The original contributions presented in the study are included in the article/supplementary material, further inquiries can be directed to the corresponding author/s.

Author Contributions

All authors listed have made a substantial, direct and intellectual contribution to the work, and approved it for publication.

Funding

CM-S was funded by the Erasmus+ Program of the European Union: Phoenix JDP on Dynamics of Health and Welfare until July 2020 being currently funded by Fraunhofer Portugal AICOS.

Disclaimer

The authors alone are responsible for the views expressed in this article, and they do not necessarily represent the decisions, policy, or views of the International Agency for Research on Cancer/World Health Organization, Linköping University, NOVA National School of Public Health, Fraunhofer Portugal AICOS, or Karolinska Institutet.

Conflict of Interest

The authors declare that the research was conducted in the absence of any commercial or financial relationships that could be construed as a potential conflict of interest.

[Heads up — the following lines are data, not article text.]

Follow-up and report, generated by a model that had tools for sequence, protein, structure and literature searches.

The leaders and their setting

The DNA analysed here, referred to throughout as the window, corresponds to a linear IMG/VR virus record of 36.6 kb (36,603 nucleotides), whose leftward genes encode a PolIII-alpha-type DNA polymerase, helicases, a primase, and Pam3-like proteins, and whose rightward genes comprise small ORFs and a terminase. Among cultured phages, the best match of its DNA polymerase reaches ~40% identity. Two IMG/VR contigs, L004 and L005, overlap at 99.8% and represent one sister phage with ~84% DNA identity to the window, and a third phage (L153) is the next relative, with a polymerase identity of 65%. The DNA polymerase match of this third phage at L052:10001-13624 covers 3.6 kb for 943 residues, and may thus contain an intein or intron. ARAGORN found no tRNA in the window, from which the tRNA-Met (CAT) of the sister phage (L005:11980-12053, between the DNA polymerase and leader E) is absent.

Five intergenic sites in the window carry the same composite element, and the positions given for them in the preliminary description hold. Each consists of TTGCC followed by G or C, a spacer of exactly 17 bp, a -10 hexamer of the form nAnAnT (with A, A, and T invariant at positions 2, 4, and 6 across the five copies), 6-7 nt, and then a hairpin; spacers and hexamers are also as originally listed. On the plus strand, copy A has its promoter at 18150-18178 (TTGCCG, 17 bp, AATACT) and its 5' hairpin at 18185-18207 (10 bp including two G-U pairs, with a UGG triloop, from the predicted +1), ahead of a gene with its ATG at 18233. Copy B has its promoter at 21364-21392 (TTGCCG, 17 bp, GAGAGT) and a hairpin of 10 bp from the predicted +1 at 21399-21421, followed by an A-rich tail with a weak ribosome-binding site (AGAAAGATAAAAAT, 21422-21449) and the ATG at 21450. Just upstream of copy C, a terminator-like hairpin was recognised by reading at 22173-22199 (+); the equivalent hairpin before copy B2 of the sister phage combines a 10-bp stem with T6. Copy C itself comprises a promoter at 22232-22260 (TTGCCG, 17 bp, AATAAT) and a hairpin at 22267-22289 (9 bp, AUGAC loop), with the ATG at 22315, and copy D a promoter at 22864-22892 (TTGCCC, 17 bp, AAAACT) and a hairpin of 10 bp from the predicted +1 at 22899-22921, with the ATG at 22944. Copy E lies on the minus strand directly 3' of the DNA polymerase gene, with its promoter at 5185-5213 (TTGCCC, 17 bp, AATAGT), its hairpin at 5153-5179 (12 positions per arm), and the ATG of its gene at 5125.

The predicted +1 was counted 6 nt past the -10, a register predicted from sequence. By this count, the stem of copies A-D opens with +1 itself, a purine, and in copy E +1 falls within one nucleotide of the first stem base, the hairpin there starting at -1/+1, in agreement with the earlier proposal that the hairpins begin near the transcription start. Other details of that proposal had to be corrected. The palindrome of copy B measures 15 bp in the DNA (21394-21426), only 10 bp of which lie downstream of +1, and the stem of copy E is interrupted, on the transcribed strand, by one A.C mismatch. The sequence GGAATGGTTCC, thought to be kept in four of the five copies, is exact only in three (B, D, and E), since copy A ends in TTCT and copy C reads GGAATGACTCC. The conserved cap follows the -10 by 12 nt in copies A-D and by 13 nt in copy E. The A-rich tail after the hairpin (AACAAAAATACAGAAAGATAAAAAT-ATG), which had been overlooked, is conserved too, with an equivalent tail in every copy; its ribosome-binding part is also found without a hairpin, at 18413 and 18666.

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Keywords: COVID-19, public mental health, digital mental health, internet interventions, Portugal, EU, eHealth and eMental-health

Citation: Mendes-Santos C, Andersson G, Weiderpass E and Santana R (2020) Mitigating COVID-19 Impact on the Portuguese Population Mental Health: The Opportunity That Lies in Digital Mental Health. Front. Public Health 8:553345. doi: 10.3389/fpubh.2020.553345

Received: 18 April 2020; Accepted: 04 September 2020;
Published: 16 November 2020.

Edited by:

Darren C. Treadway, Daemen College, United States

Reviewed by:

Tom Van Daele, Thomas More University of Applied Sciences, Belgium
Iva Georgieva, Institute for Advanced Study Varna, Bulgaria

Copyright © 2020 Mendes-Santos, Andersson, Weiderpass and Santana. This is an open-access article distributed under the terms of the Creative Commons Attribution License (CC BY). The use, distribution or reproduction in other forums is permitted, provided the original author(s) and the copyright owner(s) are credited and that the original publication in this journal is cited, in accordance with accepted academic practice. No use, distribution or reproduction is permitted which does not comply with these terms.

*Correspondence: Cristina Mendes-Santos, cristina.mendes.santos@liu.se